Locally, the Federation provides financial grants to impactful and engaging programs and initiatives, including:
• Providing 550 books each month on a variety of Jewish topics to Utah children, plus hosting hands-on programs for families.
• Funding the Federation’s Anti-Semitism Task Force dedicated to counteracting hate and bigotry. It does this with the support of Jewish and non-Jewish religious leaders, elected officials and community activists joined together. In 2019 the Task Force was instrumental in the historic passage of the Utah Hate Crimes Bill.
• Hosting Talia Goldberg, the first year-round emissary from Israel. Talia serves as an educational and cultural resource for the Jewish community, especially interacting with young people.
• Scholarships to encourage Jewish youth and teens to experience an overseas travel opportunity to Israel or other places filled with Jewish history, to attend summer sleep-away camps and to participate in local camps and religious experiences as well.
• Funding for the BeeChais, an organization offering young adults opportunities to experience Jewish life in ways that are connecting, compelling, inspiring, fun and meaningful.
• Providing women’s and men’s programming that presents fun and stimulating monthly events to nurture friendships and build community.
• Funding senior care and safety net services, as well as early childhood development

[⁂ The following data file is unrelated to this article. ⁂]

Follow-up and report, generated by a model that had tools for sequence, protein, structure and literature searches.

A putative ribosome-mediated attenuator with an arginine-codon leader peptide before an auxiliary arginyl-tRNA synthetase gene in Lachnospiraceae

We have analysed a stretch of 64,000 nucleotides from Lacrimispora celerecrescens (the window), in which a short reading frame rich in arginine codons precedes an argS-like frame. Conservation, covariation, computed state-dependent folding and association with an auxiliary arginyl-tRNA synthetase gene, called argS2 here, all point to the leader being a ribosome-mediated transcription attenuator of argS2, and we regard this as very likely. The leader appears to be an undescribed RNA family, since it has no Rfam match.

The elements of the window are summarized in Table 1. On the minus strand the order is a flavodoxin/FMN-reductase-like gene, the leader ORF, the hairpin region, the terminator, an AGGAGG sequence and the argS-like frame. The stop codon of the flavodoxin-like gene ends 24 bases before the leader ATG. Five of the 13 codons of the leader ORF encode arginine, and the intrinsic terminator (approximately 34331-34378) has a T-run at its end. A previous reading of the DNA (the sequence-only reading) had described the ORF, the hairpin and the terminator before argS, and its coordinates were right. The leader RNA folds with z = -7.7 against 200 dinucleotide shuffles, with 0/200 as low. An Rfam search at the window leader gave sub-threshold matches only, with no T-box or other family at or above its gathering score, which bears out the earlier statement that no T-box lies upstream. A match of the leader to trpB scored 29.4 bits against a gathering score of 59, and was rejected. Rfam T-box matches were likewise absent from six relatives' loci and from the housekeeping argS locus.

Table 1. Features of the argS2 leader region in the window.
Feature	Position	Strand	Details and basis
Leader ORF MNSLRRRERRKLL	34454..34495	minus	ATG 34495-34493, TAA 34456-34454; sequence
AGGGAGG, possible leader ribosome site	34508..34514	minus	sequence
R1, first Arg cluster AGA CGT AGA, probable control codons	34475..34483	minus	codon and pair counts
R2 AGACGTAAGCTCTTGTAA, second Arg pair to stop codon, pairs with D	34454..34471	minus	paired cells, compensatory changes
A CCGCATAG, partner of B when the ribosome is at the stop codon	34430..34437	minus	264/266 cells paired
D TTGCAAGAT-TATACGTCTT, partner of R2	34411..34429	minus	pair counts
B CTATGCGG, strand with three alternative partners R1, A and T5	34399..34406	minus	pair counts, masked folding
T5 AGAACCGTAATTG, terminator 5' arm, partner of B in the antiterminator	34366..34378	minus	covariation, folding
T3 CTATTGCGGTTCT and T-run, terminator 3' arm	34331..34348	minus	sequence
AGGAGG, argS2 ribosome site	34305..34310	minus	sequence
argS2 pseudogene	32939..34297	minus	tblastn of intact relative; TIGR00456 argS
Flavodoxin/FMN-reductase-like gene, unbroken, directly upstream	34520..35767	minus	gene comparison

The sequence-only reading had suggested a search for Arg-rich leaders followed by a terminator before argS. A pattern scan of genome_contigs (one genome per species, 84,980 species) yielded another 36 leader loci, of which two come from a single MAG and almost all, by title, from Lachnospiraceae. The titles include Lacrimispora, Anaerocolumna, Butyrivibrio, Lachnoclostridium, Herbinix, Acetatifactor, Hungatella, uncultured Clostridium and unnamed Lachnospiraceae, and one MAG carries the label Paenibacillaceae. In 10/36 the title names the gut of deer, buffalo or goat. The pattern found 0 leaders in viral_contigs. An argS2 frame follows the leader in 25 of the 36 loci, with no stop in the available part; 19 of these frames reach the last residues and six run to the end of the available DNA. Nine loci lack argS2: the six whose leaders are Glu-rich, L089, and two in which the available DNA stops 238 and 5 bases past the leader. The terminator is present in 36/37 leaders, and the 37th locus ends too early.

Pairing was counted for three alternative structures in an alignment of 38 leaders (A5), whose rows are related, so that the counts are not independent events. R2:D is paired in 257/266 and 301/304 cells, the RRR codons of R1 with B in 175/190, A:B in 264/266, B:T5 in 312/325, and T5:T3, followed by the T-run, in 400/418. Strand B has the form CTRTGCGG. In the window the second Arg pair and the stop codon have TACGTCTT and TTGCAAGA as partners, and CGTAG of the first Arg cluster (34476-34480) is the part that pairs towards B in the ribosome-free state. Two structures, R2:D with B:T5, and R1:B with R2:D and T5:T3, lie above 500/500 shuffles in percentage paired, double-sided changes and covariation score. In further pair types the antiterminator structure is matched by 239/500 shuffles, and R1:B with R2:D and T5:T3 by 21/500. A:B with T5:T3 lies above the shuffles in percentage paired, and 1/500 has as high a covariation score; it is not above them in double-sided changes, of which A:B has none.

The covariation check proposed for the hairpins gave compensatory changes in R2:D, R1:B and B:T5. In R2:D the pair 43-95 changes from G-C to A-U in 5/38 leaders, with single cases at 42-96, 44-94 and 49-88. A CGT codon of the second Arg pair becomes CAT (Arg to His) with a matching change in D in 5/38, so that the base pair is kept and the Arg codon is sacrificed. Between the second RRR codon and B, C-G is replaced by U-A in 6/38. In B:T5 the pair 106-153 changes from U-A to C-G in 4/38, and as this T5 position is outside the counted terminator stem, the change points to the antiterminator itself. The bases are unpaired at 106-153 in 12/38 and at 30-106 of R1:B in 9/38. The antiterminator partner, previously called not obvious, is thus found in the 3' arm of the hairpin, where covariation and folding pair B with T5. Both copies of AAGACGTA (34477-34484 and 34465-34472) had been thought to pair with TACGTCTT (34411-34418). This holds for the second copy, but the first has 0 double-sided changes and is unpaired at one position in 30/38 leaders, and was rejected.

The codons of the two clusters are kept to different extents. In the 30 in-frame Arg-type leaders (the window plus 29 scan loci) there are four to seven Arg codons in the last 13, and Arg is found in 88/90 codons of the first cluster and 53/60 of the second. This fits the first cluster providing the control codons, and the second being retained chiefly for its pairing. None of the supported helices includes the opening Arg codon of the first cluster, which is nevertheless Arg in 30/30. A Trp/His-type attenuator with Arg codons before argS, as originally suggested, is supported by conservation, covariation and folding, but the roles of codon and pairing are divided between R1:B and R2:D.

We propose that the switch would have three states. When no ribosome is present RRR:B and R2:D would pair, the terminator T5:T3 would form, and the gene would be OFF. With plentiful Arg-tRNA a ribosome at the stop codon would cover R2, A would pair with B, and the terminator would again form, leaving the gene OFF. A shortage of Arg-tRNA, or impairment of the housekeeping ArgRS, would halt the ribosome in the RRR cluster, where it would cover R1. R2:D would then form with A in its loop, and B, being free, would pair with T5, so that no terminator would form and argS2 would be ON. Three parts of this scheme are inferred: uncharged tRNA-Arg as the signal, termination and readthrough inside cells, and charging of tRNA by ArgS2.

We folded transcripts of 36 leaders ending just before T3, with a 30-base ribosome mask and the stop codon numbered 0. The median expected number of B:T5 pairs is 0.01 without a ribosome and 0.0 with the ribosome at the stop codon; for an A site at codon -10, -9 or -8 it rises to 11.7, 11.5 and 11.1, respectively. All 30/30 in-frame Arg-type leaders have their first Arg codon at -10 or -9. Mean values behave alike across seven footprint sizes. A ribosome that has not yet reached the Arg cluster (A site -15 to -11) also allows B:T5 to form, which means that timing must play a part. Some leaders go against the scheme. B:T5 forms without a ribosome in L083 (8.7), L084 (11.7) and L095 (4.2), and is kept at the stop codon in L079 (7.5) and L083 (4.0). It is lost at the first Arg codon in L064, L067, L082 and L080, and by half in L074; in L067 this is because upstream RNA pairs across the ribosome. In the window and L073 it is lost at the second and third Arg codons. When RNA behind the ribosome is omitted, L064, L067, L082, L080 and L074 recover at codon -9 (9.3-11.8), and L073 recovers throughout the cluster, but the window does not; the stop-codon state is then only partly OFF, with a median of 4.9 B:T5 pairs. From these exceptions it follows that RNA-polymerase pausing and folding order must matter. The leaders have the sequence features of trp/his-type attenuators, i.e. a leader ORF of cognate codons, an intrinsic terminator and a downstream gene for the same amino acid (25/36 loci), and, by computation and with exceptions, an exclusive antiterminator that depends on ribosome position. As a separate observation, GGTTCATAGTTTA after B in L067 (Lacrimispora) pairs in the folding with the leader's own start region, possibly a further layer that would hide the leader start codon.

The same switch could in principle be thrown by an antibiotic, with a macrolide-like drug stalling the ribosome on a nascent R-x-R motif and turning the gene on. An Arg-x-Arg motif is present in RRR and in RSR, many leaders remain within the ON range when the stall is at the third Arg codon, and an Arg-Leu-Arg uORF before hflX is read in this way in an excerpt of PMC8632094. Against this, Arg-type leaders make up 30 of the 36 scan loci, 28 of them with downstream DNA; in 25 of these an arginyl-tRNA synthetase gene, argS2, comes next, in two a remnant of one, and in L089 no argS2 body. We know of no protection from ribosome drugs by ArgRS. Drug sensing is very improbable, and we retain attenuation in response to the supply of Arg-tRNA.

For further information about the Jewish Federation of Utah, visit shalomutah.org or contact 801-581-0102 or email@example.com. Please support the Federation during this year’s Live PC Give PC on Nov. 6.
United Jewish Federation of Utah development coordinator
Give back to nonprofits
This year marks Park City Community Foundation’s 10th year hosting Live PC Give PC on Nov. 6. This Day of Giving supports the many nonprofit organizations within Park City that improve the quality of life for all those that live and visit our community. Our local nonprofits provide and maintain the trails we hike and bike on, provide affordable housing, offer after-school programs, make health care and safety services accessible to all, provide open space and more. On Nov. 6, we have the opportunity to learn about these nonprofits, what they offer and what are the needs and passions of our community. We can then show our support by making gifts of any size to support the nonprofits that resonate with us. We can include our family members in this exercise and help them become aware of the resources available and how they can show their gratitude and support by making a gift as small as $5. Through this day of giving, Live PC Give PC creates a culture of giving. “Winners” aren’t defined by how much is given, or how much an organization receives in that day, but how many people choose to give.